Origin of plop

First recorded in 1815–25; imitative
Dictionary.com Unabridged Based on the Random House Unabridged Dictionary, © Random House, Inc. 2019


Examples from the Web for plopping

Contemporary Examples of plopping

  • He sat down, smiled, and surprised the group by plopping two packs of Winston Reds on the table and lighting a cigarette.

    The Daily Beast logo
    Syria’s Islamist Rebels

    Mike Giglio

    August 2, 2012

Historical Examples of plopping

  • This is boiling and plopping (I coin this word) like mush in huge pots, or thick soap in mighty caldrons.

    A Summer's Outing

    Carter H. Harrison

  • The old crone puffed up again at this unexpected flare, and went out of the room, plopping her feet on floor and mumbling.

    Birthright

    T.S. Stribling

  • Quite a good lot of bullets were plopping into the water, so the Commodore ordered the Colne to lie further out.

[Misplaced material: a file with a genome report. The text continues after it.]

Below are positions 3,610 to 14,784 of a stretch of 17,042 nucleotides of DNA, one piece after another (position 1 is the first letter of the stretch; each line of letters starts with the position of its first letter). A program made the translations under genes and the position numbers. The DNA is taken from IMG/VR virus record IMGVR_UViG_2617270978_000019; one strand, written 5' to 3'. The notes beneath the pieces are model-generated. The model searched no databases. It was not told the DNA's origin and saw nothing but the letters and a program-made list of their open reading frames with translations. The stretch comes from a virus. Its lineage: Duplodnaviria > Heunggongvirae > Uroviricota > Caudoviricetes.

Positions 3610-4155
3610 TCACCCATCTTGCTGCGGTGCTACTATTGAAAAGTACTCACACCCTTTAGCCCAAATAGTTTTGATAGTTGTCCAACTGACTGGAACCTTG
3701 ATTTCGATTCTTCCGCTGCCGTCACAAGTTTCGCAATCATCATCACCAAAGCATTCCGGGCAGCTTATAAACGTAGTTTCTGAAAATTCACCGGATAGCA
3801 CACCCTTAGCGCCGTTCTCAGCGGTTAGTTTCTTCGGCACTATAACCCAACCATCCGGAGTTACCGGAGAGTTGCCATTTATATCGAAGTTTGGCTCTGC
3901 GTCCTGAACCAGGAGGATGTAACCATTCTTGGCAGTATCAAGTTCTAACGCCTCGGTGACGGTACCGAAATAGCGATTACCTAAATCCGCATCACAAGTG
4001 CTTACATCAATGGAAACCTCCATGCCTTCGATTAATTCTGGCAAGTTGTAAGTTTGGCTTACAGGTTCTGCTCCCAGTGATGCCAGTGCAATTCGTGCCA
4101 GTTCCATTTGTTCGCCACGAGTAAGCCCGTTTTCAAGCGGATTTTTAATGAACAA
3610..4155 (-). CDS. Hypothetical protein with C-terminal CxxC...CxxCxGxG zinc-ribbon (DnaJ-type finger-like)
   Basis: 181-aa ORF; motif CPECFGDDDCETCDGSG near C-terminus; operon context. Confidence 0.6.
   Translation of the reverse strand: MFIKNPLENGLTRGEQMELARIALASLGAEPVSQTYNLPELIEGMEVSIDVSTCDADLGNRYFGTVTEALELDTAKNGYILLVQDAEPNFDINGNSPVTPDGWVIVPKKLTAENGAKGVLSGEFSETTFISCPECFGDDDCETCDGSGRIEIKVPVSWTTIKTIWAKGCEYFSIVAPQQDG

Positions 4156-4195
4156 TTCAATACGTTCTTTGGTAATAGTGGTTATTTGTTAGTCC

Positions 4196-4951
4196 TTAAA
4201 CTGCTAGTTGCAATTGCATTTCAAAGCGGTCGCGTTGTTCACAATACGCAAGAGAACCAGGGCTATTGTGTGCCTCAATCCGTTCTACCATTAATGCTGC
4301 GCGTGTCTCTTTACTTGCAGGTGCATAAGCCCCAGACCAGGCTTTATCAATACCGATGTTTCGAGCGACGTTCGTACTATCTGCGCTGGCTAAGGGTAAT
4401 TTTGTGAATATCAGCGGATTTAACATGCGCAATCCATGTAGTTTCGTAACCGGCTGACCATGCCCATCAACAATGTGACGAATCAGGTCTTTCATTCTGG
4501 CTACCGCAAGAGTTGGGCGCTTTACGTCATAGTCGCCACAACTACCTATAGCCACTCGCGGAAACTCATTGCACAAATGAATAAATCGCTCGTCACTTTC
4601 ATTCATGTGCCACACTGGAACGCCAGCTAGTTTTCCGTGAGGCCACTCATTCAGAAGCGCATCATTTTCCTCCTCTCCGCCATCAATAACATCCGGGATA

British Dictionary definitions for plopping

plop

noun

the characteristic sound made by an object dropping into water without a splash

verb plops, plopping or plopped

to fall or cause to fall with the sound of a plopthe stone plopped into the water

interjection

an exclamation imitative of this soundto go plop

Word Origin for plop

C19: imitative of the sound
Collins English Dictionary - Complete & Unabridged 2012 Digital Edition © William Collins Sons & Co. Ltd. 1979, 1986 © HarperCollins Publishers 1998, 2000, 2003, 2005, 2006, 2007, 2009, 2012

Word Origin and History for plopping

plop

v.

1821, imitative of the sound of a smooth object dropping into water. Related: Plopped; plopping. Thackary (mid-19c.) used plap (v.). As a noun from 1833.

Online Etymology Dictionary, © 2010 Douglas Harper